You may have heard that old saying that the opposite of love is not hate – it’s indifference. Sometimes two ideas seem to be at complete odds with each other when they’re actually two sides of the same coin. Sometimes people think there are only two options – you either love or hate something – without realizing that there are other, perhaps better, alternatives.
In the same way, when people think about personal finance, their minds tend to go to one of two extremes as the only paths to take when there’s actually a third.
On one end, there is the shopaholic who’s never found a sale she didn’t like. The spender has no idea what she owns or what she wants. She keeps spending because no matter how much she buys, she is always left wanting. The perfect sweater, the newest jeans, a pair of shoes for every outfit. Her house is full but she never feels satisfied; she is always looking for something else.
On the other is the miser who pinches every single penny. The scrooge saves as her life’s calling but still fears that whatever she saves won’t be enough. She cuts necessities to the bone and rejects anything fun or generous. She charges her dinner guests for food. She neglects friends in need. She finds excuses to avoid giving gifts. The scrooge’s house is empty and so is her life.
People often think the purpose of personal finance is to turn the spender into a saver. However, neither of these scenarios is ideal. The spender lives like there is no future and the saver lives like there is no present. Though the two extremes are different – they share a common trait that makes both these lives undesirable.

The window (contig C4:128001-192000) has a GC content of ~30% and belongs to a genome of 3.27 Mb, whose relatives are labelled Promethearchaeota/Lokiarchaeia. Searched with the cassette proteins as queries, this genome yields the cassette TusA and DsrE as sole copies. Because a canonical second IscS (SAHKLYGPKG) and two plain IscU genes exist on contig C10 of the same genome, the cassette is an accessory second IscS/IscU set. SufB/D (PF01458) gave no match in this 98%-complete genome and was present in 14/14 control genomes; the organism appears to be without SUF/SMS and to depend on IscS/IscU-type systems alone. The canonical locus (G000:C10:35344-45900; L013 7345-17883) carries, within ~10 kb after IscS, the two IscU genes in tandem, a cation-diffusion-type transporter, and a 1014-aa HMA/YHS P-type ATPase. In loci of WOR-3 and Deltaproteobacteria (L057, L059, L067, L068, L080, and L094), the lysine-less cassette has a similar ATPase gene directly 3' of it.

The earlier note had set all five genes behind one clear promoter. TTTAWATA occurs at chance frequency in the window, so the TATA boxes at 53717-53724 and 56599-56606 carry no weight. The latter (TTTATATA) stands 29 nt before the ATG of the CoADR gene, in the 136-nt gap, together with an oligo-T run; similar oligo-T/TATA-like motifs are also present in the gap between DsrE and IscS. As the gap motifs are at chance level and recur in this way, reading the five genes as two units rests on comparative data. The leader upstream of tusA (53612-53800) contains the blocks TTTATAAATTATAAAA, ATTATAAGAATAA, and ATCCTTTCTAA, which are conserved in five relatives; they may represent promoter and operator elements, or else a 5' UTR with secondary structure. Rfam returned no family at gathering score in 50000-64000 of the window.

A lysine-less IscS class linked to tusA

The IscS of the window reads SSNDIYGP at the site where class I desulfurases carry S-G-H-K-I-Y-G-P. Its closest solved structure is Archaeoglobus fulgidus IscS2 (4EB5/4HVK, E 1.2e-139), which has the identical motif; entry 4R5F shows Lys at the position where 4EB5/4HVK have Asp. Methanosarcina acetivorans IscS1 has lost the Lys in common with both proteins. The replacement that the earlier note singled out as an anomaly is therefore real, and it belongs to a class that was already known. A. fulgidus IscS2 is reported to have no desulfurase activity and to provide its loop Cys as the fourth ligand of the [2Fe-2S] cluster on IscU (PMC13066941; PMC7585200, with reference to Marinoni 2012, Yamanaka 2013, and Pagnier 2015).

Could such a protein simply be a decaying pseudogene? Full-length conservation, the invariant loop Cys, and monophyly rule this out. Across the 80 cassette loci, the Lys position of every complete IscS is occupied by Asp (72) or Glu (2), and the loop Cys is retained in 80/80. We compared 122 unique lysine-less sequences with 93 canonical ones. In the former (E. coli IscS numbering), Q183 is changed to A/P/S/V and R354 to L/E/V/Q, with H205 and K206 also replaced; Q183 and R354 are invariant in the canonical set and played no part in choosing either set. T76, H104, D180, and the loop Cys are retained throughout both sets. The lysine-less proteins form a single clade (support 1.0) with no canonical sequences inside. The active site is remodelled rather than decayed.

Neither have figured out when they have enough.
Knowing what is enough would enable the spender to see that she already owns enough clothes to last through several lifetimes. She has more cookery than Martha Stewart knows what to do with and her home was submitted to Hoarders International. New purchases just make her home more cluttered and her wallet lighter. She doesn’t need new purchases so much as to appreciate what she already has.
Knowing what is enough would enable the scrooge to find a reasonable savings goal for financial security rather than endlessly saving. Once the scrooge meets these goals, she could use some money to enjoy her life and to give back. Only then will the Scrooge finally be living a life of abundance rather than perpetual fear.
Those that have enough realize that money is merely a tool – it is not the end goal. Money should be used to make our lives easier and better. Our lives should neither be devoted to earning money nor enslaved to the debt caused by its lack. The ideal is not necessarily to have millions of dollars or millions of things but to feel that whatever we have, that we live abundantly with whatever sum of money we have. So the goal of personal finance is not to become a spender or a saver – the point is to find happiness in the life you live by finding enough.
The definition of enough will vary with each individual’s desires and circumstances. No one amount of money or one lifestyle can suit everyone. If you’re a spender, you can keep shopping and if you’re a saver, you can keep a suitable amount in a bank account. You don’t have to change your whole personality in order to meet a personal finance writer’s definition of success. Personal finance is just that – personal.
Do you know when you’ll have enough?